The Importance of Being Earnest

10 07 2010

Mahatma Gandhi is credited with saying “Truth never damages a cause that is just.” No where is that more evident than in applications for jobs and professional licenses.

A recent example

Consider, for example, the school teacher whose disciplinary case was heard last month at the State Office of Administrative Hearings (SOAH). The teacher was accused of failing to maintain appropriate boundaries and/or having inappropriate physical contact with students on three separate occasions. He resigned his position in lieu of being fired and then he applied for a job at another school district. He allegedly failed to disclose to the new district that he was under investigation for his actions at the previous one.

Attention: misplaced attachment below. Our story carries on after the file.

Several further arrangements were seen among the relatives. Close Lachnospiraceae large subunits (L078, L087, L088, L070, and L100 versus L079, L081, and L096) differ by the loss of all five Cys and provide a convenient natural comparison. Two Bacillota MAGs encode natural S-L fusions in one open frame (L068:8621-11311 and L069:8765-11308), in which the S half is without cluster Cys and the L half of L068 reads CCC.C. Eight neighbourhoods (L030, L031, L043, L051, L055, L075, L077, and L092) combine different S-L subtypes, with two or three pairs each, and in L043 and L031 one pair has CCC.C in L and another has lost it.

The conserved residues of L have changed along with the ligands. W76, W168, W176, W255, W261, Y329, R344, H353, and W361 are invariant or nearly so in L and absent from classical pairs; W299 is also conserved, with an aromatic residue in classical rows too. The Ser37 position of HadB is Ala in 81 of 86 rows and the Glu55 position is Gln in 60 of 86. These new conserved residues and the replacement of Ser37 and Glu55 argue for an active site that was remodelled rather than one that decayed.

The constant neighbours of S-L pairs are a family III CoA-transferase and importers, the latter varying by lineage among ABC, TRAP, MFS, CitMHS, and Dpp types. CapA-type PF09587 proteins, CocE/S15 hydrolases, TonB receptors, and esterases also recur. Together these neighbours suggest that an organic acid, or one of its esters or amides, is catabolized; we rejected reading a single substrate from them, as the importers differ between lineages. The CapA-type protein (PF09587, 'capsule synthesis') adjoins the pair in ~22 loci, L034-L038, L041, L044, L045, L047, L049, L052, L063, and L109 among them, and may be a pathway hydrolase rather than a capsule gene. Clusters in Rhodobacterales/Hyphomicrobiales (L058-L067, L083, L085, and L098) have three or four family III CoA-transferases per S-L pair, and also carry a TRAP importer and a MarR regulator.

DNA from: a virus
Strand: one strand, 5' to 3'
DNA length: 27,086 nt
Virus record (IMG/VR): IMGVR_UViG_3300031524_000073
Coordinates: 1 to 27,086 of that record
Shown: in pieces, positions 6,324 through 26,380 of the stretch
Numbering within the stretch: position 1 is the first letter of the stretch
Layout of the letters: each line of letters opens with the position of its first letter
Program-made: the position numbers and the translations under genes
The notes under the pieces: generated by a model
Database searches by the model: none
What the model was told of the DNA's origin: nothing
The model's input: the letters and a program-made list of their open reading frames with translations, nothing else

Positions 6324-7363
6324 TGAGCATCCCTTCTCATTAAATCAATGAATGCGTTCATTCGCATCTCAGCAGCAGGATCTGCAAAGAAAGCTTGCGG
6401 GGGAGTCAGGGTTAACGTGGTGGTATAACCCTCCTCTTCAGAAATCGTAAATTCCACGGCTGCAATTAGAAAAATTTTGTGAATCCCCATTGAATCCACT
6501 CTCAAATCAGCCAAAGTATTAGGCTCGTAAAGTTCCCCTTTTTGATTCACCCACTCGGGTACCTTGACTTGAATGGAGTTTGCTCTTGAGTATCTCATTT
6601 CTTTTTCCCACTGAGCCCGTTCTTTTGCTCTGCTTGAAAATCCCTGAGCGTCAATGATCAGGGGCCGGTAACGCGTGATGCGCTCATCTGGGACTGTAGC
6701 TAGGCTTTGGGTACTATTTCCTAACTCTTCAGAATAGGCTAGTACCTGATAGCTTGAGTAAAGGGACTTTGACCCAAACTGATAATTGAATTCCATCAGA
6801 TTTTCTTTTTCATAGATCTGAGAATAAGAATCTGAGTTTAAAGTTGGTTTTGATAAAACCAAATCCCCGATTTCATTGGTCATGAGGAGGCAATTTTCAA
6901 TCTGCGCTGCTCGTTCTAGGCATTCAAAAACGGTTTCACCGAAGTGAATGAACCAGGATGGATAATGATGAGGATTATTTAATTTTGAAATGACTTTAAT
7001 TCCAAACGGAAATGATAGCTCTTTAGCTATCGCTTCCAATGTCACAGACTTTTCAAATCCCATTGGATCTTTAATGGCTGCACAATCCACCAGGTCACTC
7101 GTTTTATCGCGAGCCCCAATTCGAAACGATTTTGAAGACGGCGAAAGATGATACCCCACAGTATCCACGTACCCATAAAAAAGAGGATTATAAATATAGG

The judge’s ruling

At the conclusion of the SOAH hearing, the Administrative Law Judge found that the State Board for Educator Certification (SBEC) had not proven that the teacher failed to maintain appropriate boundaries or had inappropriate physical contact with any of the students on any of the three occasions. Therefore, the judge concluded that SBEC could not discipline the teacher for those incidents.

The kicker

But there’s more to the story. The judge also found that the teacher had misled the new district when he failed to disclose that he was under investigation for those incidents. And the judge concluded that the SBEC could discipline the teacher for that dishonesty.

The moral is this. When applying for a job or professional license, always tell the truth. Always.

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